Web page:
Experiments don’t just take place in laboratories; they also happen on Facebook.
On November 2nd, 2010, more than 61 million adults visited Facebook’s website, and every single one of them unwittingly took part in a massive experiment. It was a randomised controlled trial, of the sort used to conclusively test the worth of new medicines. But rather than drugs or vaccines, this trial looked at the effectiveness of political messages, and the influence of our friends, in swaying our actions. And unlike most medical trials, this one had a sample size in the millions.
It was the day of the US congressional elections. The vast majority of the users aged 18 and over (98 percent of them) saw a “social message” at the top of their News Feed, encouraging them to vote. It gave them a link to local polling places, and clickable button that said “I voted”. They could see how many people had clicked the button on a counter, and which of their friends had done so through a set of randomly selected profile pictures.
But the remaining 2 percent saw something different, thanks to a team of scientists, led by James Fowler from the University of California, San Diego. Half of them saw the same box, wording, button and counter, but without the pictures of their friends—this was the “informational message” group. The other half saw nothing—they were the “no message” group.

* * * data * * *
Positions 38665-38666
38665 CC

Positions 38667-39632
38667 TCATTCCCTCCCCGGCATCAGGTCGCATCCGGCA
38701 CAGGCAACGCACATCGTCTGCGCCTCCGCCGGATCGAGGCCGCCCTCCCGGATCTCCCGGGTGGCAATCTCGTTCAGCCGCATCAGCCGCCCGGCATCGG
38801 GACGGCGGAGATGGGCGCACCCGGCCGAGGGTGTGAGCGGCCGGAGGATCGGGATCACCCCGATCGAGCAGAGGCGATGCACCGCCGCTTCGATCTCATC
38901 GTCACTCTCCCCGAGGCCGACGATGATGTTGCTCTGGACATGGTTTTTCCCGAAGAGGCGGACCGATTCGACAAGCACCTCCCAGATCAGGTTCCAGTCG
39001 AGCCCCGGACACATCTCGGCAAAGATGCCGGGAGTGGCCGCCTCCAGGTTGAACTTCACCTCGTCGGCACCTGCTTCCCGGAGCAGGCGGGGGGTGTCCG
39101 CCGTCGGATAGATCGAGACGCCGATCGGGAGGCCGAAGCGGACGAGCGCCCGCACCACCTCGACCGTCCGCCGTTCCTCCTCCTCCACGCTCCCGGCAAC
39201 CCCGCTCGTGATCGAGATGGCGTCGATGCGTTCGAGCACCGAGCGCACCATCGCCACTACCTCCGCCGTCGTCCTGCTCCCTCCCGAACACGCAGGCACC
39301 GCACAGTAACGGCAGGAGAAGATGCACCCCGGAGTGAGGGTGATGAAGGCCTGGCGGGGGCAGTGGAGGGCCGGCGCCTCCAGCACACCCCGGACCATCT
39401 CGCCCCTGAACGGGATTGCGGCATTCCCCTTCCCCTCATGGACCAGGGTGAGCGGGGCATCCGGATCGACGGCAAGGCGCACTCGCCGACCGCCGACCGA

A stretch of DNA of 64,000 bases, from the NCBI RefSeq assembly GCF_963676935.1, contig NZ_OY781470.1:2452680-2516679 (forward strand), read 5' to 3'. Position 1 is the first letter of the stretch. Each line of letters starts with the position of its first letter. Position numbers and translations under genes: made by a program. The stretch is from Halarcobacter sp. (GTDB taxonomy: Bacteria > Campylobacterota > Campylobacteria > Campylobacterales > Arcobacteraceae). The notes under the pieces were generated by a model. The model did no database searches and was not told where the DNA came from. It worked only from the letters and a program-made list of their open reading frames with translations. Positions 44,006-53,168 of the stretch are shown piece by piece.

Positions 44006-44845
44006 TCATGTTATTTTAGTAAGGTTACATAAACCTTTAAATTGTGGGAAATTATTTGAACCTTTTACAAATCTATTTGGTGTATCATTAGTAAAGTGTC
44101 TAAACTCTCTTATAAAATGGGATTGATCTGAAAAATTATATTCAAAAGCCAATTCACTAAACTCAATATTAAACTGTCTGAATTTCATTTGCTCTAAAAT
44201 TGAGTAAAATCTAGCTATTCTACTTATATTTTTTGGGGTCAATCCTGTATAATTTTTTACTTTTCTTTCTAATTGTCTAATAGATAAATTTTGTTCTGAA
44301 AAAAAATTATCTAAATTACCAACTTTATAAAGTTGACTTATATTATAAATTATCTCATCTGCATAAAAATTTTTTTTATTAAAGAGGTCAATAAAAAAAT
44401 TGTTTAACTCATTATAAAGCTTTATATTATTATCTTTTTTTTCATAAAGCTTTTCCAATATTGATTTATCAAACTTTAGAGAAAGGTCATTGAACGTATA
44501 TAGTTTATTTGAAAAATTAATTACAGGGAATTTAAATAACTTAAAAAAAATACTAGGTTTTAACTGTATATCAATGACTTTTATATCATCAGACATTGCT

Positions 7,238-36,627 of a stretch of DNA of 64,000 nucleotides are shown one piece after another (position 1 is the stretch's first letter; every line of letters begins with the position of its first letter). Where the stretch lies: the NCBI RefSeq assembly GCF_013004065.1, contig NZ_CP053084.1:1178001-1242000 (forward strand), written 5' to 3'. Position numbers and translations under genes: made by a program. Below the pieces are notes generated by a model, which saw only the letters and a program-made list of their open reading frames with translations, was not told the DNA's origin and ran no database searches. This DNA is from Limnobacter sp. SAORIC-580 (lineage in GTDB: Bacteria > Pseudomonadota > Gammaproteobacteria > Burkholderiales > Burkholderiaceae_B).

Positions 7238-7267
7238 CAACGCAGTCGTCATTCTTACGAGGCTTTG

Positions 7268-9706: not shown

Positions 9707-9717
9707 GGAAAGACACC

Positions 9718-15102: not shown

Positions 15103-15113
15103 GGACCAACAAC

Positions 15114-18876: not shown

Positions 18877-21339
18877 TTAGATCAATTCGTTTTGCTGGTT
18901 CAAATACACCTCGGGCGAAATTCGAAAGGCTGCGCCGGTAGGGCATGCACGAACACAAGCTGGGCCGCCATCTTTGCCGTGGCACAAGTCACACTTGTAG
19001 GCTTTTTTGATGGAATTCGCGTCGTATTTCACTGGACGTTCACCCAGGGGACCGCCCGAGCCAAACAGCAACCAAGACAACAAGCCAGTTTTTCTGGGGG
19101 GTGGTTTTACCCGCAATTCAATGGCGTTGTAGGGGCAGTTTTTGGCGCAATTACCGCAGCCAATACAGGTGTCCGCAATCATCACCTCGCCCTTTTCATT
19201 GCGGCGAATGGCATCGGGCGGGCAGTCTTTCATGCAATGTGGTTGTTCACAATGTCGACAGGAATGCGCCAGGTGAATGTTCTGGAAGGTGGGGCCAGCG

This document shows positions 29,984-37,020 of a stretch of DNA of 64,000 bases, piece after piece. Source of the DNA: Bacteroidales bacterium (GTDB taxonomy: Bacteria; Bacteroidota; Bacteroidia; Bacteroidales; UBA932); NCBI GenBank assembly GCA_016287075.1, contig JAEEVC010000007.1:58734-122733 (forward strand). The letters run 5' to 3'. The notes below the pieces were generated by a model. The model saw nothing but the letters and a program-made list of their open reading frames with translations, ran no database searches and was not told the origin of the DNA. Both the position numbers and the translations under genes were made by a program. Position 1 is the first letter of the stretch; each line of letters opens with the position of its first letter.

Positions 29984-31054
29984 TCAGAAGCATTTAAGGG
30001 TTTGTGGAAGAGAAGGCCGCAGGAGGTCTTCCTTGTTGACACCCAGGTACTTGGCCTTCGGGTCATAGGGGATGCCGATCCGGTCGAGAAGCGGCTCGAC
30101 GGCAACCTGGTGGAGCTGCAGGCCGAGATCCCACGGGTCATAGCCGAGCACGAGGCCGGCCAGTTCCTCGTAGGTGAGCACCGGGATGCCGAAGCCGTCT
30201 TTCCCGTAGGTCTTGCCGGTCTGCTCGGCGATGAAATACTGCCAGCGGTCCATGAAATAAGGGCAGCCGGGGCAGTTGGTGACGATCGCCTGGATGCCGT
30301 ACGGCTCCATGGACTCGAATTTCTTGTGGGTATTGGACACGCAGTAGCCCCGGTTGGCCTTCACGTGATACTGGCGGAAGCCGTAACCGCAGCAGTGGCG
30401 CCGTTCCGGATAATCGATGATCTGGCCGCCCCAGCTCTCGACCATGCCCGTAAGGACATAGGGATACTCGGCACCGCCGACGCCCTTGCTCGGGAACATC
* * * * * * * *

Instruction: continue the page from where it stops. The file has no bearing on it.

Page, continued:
By comparing the three groups, Fowler’s team showed that the messages mobilised people to express their desire to vote by clicking the button, and the social ones even spurred some to vote. These effects rippled through the network, affecting not just friends, but friends of friends. By linking the accounts to actual voting records, Fowler estimated that tens of thousands of votes eventually cast during the election were generated by this single Facebook message.
The effects appear to be small but could still be influential when multiplied through large social networks.
I suspect we’ll continue to see more and more of this in the future. Platforms like Facebook or Google or Amazon have access to millions of users and can run experiments that don’t change a user’s experience of the website much.